I like to think that transgendered individuals have this figured out, but they live in a world where many people haven’t. This means they are misunderstood, and may develop psychological problems because of societal pressures. For example, with living history, do they follow their true gender (and therefore their true personality), or do what they are told and follow the role their genitalia dictate? If anything, I would say it is immoral to make transgendered people do the role as dictated by their sex. Those who are uncomfortable with their bodies would already find it hard – imagine having a shower and having to wash those areas of your body that you don’t even feel are your own – without being reminded during their hobby about the discrepancy between their sex and gender. A hobby (especially re-enactment) is supposed to allow you to escape from your normal life and do something different from the norm, not remind you of the outside world in the harshest way possible. Yes, they could surgically transition, but some don’t want to have surgery (let alone those who are discriminated against by the medical community, so don’t feel like they can approach their doctor about it. There is enough on that for another post, so I’ll leave it at that). Some are happy having a different gender to their sex. They have to deal instead with people expecting them to be feminine or masculine as defined by their genitalia, and not themselves.

Unfortunately for now, the view about this seems to be “if you don’t like it, do a different hobby”. This attitude needs to change. Re-enactment is where I found the most lovely, understanding people, and my entire friendship circle focusses on re-enactment. The group I am with is one of the most open, welcoming groups ever, and it seems a shame that other groups aren’t as welcoming. I even came across a group (who I shan’t name for fairness) who categorically say no women at all. It seems to me that attitudes within re-enactment need to change and drastically need an update. Hopefully my group will lead in example, and make re-enactment the realm not just for old, cis, white, wealthy men, but for everyone else who wants to have some fun, or are interested in history.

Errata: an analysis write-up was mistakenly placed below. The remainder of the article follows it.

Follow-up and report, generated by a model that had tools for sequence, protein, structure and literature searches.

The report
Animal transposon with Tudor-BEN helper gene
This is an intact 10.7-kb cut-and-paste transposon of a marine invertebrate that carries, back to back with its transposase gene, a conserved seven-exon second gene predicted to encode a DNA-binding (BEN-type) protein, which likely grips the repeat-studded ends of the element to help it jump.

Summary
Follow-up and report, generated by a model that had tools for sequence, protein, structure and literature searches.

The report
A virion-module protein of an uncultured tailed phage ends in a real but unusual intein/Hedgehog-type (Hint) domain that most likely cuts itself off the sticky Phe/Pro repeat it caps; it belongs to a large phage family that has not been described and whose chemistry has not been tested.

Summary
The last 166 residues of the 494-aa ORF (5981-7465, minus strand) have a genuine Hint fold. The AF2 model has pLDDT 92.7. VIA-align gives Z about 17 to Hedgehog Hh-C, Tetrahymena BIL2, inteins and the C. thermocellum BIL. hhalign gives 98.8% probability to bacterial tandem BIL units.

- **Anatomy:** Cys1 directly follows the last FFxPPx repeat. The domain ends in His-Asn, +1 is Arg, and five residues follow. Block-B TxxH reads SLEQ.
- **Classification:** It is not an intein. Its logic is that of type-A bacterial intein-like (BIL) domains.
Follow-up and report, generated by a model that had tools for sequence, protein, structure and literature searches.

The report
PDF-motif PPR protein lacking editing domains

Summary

Normally, I use a Dane Axe for training. I’m not amazing with it, but I’ve passed the safety test for it and I’m not awful at it. I just need to be faster.

I decided I really ought to try something new. Considering how I am naturally slow, the choice was not one you’d expect. Yes, I chose florentine.

I decided to use both a hand axe and a mace. It was….. interesting….

I actually had to run a lot more, just so that I could get in range of people to do some damage. It was also a bit of a mindfuck (excuse the language). I could actually use my shield arm for attacking! A lot of this “attacking” was just pushing weapons aside with the heavy mace and hit someone with my axe.

Because of this realisation of just how heavy my mace is, I’m going to be cutting some off the end of the shaft and then re-painting it, so pictures shall follow soon!

I also looked at my hand axe afterwards, and it was more battered than normal. The wood at the top of the shaft had been hit so badly that it was more likely to cause an injury than the blade! So I also will be covering that bit of the axe with leather to try and stop it from being so damaged that it’ll shatter at the first hit. Again, photos shall follow.

What I also didn’t realise was just how tiring it was. If you are using sword and shield, you only need to use one arm strenuously, and the other can rest every now and again. Dane axe, whilst being more physically intensive, still gives your arms a rest mid-way through the swing or you can rest it on the ground whilst still looking awesome. Not so with florentine. You have to keep both arms up at all times for defense, and when you’re tired, you can only put your weapons on your shoulders if you want to still look awesome (a key factor, as you might have guessed). So your arms are never rested unless you’ve actually put your weapons down or sheathed them. So during a 3 hour training session, it took it’s toll. Of course, I couldn’t tell just how much of a toll until the next morning, but still.